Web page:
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Source: New Zealand Parliament – Hansard

Question No. 4—Education

4. ANGELA ROBERTS (Labour) to the Minister of Education: What support is the Government giving to schools to help them reduce their carbon emissions?

Hon CHRIS HIPKINS (Minister of Education): I recently announced 41 schools from the Far North to Southland that will receive funding for projects to help reduce their schools’ emissions and to save them money. This was the second round of the Sustainability Contestable Fund and work will begin immediately. These initiatives will help to reduce carbon emissions and costs for schools across the country.

Angela Roberts: Can he give examples of the kind of project that the Sustainability Contestable Fund supports?

Hon CHRIS HIPKINS: Yes, I can, but I will only choose two. Ladbrooks School in Halswell installed new LED lighting, new low-flow tap fittings, a heat pump system to replace an old hot water cylinder and more efficient heat pumps to replace electric fan and panel heaters. At Randwick School—[Speaker counting on fingers]—two schools; two examples of schools—

SPEAKER: Ah, two examples.

Hon CHRIS HIPKINS: At Randwick School in Lower Hutt—

SPEAKER: Very good school—a very good school.

Hon CHRIS HIPKINS: —there were 48 solar panels being installed and it’s estimated that’s going to save the school $2,600 in the first year alone, with its savings expected to total more than $65,000 over 25 years.

Angela Roberts: Is this all about solar panels and boiler replacement or are there other sorts of things happening as well?

Hon CHRIS HIPKINS: Oh, that’s a very good question. Solar panels and boiler replacements are very popular projects, but we’ve seen other innovations funded, including rainwater collection, water conservation initiatives, composting, and recycling initiatives. These projects also help to build business confidence by providing a pipeline of work for local suppliers and contractors like plumbers, gasfitters, electricians, and builders.

Angela Roberts: What other action has the Government taken to support schools to reduce their carbon emissions?

Hon CHRIS HIPKINS: More good news. We’ve also committed $55 million through the State sector decarbonisation fund to replace up to 90 coal boilers in schools with low-emissions alternatives like woodchip boilers.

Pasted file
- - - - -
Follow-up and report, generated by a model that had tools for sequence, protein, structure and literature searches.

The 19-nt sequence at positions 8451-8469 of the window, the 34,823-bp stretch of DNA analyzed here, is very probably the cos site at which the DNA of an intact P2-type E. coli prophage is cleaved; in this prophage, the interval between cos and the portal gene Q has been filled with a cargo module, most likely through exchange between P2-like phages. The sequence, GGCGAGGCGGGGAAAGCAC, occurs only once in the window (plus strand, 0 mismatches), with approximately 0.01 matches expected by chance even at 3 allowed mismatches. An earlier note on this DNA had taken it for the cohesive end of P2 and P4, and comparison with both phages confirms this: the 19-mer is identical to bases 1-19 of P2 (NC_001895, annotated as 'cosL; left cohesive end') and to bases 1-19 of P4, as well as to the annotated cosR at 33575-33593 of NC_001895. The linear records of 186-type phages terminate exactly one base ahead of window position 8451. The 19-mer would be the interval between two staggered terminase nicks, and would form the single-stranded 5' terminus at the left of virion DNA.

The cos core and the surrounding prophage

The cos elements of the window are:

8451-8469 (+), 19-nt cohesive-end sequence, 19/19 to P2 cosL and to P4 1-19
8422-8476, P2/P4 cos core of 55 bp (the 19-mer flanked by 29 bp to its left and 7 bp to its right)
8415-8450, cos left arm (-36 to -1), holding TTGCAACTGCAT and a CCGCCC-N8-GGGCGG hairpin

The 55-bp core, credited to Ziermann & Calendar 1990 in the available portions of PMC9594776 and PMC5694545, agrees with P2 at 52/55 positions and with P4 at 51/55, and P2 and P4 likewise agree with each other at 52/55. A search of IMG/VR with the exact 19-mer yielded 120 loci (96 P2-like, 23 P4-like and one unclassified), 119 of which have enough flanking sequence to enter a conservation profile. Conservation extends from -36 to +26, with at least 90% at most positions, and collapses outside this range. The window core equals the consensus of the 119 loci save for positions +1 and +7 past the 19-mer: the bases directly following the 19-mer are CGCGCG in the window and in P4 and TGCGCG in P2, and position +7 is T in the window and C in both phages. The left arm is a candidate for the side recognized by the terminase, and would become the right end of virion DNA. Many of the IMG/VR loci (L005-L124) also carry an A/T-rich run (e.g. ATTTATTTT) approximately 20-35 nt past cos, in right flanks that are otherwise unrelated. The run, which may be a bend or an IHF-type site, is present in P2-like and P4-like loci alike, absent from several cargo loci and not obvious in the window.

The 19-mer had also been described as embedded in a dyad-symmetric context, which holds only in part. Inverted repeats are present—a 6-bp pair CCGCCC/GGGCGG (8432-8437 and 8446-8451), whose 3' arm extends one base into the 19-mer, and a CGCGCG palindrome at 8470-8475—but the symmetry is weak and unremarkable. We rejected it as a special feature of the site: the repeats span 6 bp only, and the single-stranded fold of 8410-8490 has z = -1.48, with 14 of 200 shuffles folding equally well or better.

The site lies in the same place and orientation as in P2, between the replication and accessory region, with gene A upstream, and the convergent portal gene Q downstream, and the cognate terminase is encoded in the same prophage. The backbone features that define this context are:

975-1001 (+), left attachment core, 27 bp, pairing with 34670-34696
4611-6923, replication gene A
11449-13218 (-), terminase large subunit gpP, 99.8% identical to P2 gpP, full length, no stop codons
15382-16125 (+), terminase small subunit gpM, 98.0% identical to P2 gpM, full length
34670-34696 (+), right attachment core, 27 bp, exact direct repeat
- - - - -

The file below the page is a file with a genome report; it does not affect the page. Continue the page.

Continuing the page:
Hon Stuart Nash: If at all possible, Minister, will these new schools or school refurbs be built out of wood?

Hon CHRIS HIPKINS: I thank the Minister of Forestry for the question, And, in fact, I can report that I recently visited Waimea College who have built nine new classrooms with wood-only technology, removing a lot of concrete and a lot of steel from the construction process.

Hon Damien O’Connor: Will the Minister consider instructing officials to look at wool as a suitable flooring material and insulation material for all those new construction projects?

Hon CHRIS HIPKINS: I can advise the Minister that is, of course, one of the things that we will continue to consider.

SPEAKER: I think we’ll refer to those members as “Wooden” and “Woolly”.

Chris Bishop: Point of order. You’ve just taken three supplementaries from us. Just wonder why that was—

SPEAKER: Because three members interjected when a member was asking a question.

Chris Bishop: Yeah, well, we just ask for some consistency, because when the Hon Damien O’Connor was asking his supplementary then, there was quite a degree of noise and interjections from the Labour members. It’s a fairly jovial question. Members were enjoying the spirit of near Christmas on a Thursday afternoon on a question that people were enjoying, so I just—

SPEAKER: I think there’s a significant difference between—[Interruption] Mr O’Connor will stand, withdraw, and apologise.

Hon Damien O’Connor: I withdraw and apologise.

SPEAKER: I think members are aware of the difference between a slight murmur of humour and disparaging loud noises, as at least three members made while Ms Roberts was asking her supplementary question.

MIL OSI